Every child deserves the opportunity to live a long, healthy and productive life! According to the
Real Girls, Real Pressure: A National Report on the State of Self-Esteem, commissioned by the Dove® Self-Esteem Fund, reveals that there is a self-esteem crisis in this country that pervades every aspect of a girl’s life including her looks, performance in school and relationships with friends and family members.
Seven in ten girls believe they are not good enough or do not measure up in some way, including their looks, performance in school and relationships with friends and family members;
62% of all girls feel insecure or not sure of themselves; and
57% of all girls have a mother who criticizes her own looks;
Reality vs. Perception: Low self-esteem significantly impacts girls’ overall feelings about their own beauty:
71% of girls with low self-esteem feel their appearance does not measure up, including not feeling pretty enough, thin enough or stylish or trendy enough (compared to 29% of girls with high self-esteem);
78% of girls with low self-esteem admit that it is hard to feel good in school when you do not feel good about how you look (compared to 54% of girls with high self-esteem);
Girls with low self-esteem are significantly more likely to engage in negative behaviors:
75% of girls with low self-esteem reported engaging in negative activities such as disordered eating, cutting, bullying, smoking, or drinking when feeling badly about themselves (Compared to 25% of girls with high self-esteem); and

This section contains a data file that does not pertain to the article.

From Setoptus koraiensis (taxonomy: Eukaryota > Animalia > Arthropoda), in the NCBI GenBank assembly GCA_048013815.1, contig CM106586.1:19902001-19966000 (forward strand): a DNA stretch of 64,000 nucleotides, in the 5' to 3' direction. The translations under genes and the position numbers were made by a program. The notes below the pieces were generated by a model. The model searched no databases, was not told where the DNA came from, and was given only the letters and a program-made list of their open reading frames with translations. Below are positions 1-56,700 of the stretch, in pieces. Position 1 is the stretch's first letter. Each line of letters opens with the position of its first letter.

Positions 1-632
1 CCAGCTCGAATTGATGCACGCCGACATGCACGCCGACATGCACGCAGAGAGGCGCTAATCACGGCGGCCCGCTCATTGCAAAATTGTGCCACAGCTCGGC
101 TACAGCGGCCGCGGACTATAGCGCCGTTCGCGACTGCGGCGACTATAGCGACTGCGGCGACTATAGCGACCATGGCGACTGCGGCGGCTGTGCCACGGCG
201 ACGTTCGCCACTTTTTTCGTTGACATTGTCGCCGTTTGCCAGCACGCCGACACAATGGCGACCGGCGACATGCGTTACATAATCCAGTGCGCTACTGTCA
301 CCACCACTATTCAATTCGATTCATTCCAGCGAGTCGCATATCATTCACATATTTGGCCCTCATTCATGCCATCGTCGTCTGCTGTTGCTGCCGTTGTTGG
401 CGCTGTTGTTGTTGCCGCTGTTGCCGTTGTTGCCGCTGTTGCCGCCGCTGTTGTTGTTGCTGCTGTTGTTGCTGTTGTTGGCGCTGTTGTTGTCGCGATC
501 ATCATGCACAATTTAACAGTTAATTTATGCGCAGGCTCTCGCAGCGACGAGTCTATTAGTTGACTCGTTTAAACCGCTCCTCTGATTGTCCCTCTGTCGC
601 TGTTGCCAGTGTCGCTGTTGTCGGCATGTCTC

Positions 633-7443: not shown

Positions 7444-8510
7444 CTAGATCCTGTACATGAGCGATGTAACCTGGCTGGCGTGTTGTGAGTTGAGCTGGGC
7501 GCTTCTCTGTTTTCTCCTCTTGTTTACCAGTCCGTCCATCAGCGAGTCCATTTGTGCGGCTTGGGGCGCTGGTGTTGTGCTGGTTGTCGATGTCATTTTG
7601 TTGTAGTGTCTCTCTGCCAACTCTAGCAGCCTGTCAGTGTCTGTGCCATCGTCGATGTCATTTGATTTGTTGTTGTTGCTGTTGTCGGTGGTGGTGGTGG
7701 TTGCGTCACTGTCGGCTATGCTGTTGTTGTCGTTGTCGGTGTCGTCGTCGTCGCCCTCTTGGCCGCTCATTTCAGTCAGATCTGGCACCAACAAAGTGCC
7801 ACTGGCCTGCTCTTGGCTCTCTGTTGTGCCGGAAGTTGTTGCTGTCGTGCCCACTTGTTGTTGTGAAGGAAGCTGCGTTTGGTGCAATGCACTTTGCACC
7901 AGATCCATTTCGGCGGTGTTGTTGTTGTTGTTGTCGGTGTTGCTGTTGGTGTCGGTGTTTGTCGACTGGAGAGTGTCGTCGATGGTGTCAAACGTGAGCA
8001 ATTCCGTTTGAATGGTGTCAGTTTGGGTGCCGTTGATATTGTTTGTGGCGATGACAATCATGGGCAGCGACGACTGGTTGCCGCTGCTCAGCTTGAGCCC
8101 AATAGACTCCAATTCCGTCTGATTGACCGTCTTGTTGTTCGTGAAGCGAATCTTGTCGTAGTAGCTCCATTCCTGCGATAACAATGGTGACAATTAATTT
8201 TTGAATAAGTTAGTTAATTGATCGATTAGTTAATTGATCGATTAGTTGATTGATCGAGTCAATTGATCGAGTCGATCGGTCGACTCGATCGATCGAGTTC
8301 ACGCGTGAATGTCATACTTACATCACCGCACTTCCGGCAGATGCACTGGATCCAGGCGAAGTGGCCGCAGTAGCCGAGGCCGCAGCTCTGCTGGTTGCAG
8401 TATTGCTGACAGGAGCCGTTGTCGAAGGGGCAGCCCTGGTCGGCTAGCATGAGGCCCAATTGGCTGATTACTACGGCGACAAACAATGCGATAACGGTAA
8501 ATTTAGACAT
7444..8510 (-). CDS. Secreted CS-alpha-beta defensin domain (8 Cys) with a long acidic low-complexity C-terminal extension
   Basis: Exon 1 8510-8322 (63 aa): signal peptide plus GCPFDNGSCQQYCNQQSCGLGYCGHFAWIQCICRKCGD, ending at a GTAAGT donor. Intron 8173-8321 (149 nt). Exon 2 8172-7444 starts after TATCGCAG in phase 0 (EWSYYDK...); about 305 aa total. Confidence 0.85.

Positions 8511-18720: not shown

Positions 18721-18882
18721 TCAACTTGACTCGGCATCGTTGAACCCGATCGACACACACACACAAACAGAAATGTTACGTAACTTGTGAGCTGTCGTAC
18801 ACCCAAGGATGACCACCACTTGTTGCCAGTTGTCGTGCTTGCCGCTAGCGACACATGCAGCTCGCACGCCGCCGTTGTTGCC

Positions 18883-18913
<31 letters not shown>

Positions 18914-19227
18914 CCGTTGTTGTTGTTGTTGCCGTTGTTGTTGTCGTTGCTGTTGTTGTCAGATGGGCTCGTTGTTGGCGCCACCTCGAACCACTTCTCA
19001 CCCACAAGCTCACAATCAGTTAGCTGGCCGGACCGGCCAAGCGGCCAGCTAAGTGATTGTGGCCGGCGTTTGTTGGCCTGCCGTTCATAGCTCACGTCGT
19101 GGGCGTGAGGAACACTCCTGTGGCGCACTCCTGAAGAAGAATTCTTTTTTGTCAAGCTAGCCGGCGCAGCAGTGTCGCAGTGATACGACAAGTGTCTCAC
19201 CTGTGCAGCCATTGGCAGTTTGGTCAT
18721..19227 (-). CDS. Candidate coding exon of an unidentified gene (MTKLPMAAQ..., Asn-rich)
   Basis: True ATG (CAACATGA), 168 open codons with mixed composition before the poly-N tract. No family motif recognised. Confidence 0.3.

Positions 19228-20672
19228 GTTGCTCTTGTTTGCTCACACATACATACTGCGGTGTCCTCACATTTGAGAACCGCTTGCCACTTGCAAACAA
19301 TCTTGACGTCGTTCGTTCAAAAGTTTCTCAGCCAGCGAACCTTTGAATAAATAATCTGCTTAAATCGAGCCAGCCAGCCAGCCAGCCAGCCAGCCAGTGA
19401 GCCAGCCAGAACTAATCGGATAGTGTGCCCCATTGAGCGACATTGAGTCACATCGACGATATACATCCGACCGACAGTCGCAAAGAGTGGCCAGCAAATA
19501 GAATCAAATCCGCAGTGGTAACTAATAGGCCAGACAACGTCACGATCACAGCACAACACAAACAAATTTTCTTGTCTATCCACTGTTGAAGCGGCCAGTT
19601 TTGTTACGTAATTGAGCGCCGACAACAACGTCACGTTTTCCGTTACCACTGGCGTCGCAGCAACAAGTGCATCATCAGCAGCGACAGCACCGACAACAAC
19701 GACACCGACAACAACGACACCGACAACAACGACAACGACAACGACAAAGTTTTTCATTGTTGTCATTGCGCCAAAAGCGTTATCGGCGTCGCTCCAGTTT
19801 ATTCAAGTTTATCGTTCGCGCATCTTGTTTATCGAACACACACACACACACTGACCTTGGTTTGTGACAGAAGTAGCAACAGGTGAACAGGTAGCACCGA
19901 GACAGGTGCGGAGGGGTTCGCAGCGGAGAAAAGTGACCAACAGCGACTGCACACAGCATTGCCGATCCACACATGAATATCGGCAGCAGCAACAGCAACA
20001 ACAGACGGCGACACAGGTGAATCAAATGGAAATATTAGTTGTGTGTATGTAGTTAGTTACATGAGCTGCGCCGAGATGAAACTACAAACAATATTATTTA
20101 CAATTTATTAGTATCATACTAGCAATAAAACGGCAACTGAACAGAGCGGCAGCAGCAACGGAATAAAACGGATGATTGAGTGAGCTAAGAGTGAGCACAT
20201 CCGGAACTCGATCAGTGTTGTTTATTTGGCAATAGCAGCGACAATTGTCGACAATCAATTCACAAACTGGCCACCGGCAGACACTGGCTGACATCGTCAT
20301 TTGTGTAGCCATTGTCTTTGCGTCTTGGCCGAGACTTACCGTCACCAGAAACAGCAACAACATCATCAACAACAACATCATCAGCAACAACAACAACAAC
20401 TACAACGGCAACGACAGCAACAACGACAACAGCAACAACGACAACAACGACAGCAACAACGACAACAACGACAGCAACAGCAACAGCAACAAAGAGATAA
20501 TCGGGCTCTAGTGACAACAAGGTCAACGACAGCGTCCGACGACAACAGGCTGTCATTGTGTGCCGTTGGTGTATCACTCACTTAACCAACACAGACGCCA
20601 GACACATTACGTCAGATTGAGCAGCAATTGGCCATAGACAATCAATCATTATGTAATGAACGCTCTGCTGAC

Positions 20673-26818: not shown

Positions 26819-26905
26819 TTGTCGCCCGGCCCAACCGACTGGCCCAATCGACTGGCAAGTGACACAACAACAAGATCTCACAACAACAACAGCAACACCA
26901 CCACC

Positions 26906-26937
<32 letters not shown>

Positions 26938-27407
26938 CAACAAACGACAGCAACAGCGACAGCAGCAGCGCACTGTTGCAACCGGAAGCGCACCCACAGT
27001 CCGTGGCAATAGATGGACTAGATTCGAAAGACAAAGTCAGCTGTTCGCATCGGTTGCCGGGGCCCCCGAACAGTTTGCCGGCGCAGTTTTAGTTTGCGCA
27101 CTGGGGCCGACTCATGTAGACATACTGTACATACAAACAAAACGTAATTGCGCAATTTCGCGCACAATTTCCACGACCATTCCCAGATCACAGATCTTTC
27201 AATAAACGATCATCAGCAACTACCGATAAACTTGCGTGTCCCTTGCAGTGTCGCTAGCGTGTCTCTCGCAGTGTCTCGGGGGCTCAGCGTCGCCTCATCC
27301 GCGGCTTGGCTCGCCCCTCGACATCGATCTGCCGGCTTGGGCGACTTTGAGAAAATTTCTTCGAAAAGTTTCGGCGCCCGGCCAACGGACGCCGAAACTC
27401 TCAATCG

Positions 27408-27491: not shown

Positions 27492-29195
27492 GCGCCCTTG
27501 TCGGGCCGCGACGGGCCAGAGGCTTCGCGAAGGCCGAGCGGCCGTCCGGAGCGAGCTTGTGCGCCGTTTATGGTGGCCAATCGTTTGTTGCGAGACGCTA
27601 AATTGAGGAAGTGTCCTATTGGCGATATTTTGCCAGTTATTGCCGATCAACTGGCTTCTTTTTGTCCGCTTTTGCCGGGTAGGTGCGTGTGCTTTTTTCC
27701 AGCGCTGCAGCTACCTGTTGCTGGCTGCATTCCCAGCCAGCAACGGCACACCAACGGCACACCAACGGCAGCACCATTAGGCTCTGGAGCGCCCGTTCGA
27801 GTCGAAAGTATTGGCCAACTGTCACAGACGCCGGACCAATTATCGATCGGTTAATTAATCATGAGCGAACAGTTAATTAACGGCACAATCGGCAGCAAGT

61% of teen girls with low self-esteem admit to talking badly about themselves (Compared to 15% of girls with high self-esteem);
Parents’ words and actions play a pivotal role fostering positive self-esteem in girls:
Girls with low self-esteem are less likely to receive praise from either parent and more likely to receive criticism than girls with high self-esteem; and
93% of girls with low self-esteem want their parents to change their behavior towards them in at least one way (Compared to 73% for girls with high self-esteem);
According to U.S. Census Bureau estimates, there were 41,731,233 youth age 10-19 in the United States, 13% of the total U.S. population, in 2015. 16 million of them are growing up without a mentor. That's one out of every three young people who, outside of their family at home, don't have a trusted adult who they believe they can turn to for advice and guidance. Of those young people, 9 million face a variety of day-to-day challenges that put them at-risk for falling off track.
Confident Girl Mentoring Program, Inc. is dedicated to quality mentoring experiences for all young people. In New York alone, the population of youth age 10-19 is estimated to be 2,409,802, 12% of the state's total of youth who need and could benefit from a caring adult mentor, someone other than a parent. Your contributions help make that effort possible.
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